It is a Friday afternoon in Charlesbay High School. Students are piling into the lunch lines awaiting hot pizza, fresh French fries and ice-cold sodas. As the students discuss what they are going to do after the football game and how their 1st hour test was, a gunshot is heard not far away. The students are ordered to stay low to the ground by school security guards. None of the students know what is happening outside the lunch lines. What is going on is a 17-year old frenetic boy who attends Charlesbay, got upset with a couple students. He was sick of hearing them call him “dumb” or “butterball” and pushing him around the hallways. Robby, we’ll ...view middle of the document...
I. It is happening all over the country: kids are dying from guns. (Restatement)
A. According to the governments statistics, 4, 223 children were killed by firearms in 1997, while many of these deaths occurred while playing at a friends’ home or even in their own neighborhood (Bai 32).
1.It is mostly due because their parents or other gun owners do not store their firearms properly, and children find loaded guns and use them unintentionally on themselves or other children.
B. Additionally, guns injure thousands of children each year. Some experts believe that gun-related deaths/injuries could replace car crashes as the leading death for youths. So what can be done to protect kids and guns? (Rhetorical question)
1. Childproof trigger locks could be a beneficial solution. In having this on each and every gun could reduce a child’s death by 67% (Fineman 34). With poor trigger resistance, a gun can be fired by a three-year old, while many guns can fire when dropped on the floor.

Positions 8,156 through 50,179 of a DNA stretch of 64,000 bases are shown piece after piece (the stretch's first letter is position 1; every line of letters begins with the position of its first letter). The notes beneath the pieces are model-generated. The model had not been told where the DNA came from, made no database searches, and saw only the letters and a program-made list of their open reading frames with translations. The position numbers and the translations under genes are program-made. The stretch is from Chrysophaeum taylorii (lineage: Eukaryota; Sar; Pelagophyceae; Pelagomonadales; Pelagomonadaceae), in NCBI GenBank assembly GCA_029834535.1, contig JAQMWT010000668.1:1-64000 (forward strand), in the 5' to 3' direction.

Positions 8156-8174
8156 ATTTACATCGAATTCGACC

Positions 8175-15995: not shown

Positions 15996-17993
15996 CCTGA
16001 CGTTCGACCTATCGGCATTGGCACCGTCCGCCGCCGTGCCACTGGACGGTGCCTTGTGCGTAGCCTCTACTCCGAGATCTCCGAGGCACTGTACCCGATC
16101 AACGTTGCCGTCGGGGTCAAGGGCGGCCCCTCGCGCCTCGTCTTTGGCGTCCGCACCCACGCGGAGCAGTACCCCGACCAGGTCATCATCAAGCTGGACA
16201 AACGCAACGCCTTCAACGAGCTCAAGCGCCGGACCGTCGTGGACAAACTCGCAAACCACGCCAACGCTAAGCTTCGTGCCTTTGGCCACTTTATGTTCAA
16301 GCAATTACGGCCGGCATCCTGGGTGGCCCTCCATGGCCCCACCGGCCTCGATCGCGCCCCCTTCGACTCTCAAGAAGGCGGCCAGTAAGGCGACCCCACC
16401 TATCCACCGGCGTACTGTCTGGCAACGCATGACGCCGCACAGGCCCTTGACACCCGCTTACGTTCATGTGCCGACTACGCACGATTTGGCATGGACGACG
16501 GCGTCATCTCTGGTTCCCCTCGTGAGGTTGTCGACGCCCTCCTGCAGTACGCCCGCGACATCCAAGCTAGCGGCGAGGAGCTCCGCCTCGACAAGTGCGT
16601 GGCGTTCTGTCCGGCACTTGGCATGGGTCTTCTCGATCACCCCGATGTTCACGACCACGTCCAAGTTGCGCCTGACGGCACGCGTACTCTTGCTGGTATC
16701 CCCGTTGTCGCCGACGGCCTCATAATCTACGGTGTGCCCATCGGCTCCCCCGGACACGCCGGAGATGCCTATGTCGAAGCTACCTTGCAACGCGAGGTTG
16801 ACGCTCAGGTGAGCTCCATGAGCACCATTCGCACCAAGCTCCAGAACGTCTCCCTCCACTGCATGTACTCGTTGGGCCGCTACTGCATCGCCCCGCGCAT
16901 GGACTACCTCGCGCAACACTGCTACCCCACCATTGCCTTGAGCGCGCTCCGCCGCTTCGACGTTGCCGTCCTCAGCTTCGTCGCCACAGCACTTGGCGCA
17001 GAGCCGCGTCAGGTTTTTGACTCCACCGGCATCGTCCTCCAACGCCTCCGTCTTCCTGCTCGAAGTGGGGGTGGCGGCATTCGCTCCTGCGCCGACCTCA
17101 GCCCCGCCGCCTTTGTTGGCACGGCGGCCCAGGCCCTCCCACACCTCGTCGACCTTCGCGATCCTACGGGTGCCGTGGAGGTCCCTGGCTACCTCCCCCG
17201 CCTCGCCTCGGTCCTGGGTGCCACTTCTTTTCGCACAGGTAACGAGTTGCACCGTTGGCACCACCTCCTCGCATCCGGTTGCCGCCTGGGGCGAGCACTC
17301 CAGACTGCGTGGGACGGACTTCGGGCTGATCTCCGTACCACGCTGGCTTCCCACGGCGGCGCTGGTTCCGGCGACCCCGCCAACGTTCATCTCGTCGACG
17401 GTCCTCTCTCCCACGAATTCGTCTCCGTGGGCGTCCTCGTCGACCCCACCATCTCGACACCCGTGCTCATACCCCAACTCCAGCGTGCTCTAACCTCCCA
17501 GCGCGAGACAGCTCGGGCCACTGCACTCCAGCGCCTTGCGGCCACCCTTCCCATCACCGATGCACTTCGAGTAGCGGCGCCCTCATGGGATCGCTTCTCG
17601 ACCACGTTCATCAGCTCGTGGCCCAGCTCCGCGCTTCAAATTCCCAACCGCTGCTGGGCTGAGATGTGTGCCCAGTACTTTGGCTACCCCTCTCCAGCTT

2. Many popular semi-automatic handguns lack magazine safety disconnects or loads indicators. This means that many children have no way of knowing that a gun appears unloaded actually has a bullet in the chamber, ready for a fire.
3. Child safety locks. A prohibition on the possession assault weapons by minors. A ban on importation of large-capacity ammunition clips. It is ludicrous to see the gutting of the Second Amendment in any of these. We register cars in this country, why not guns? (Aphorism).
C. The horrible massacre in Colorado shows just how gun control works in the real world-which is safe to say that is doesn’t. Under the laws of Colorado, Eric Harris and Dylan Klebold were able to own rifles and shotguns, but were too young to buy them. They found a way though by having their 18-year-old friend Robyn Anderson buy the firearm and while buying them, he also picked up two shotguns and a 9mm-HiPoint carbine for their attack. They also were able to get a TEC-DC9 (Murr 34).
D. Somebody of legal age sold this particular handgun to him or her, but that person could face prosecution. The sickening part is, their sentence could only be 2-6 years in prison. A light sentence with such a serious crime committed and the outcome of that crime of 15 dead. (Anecdote).
E. It should not take a Columbine, Jonesboro or another pre-school incident (allusion) to make the people realize that children are more at risk from fire arms than any other country. Yes, cars do kill children: so do poorly made toys and swimming pools and dozens of household products. But out of all the thousands of products with which children have contact, only one-firearms-are completely exempt from consumer protection regulations. Why does our government recall and ban hundreds of products when even few children are killed or injured by these flawed designs? (Rhetorical question)
1. Recently, some schools have created “peanut-free zones” in...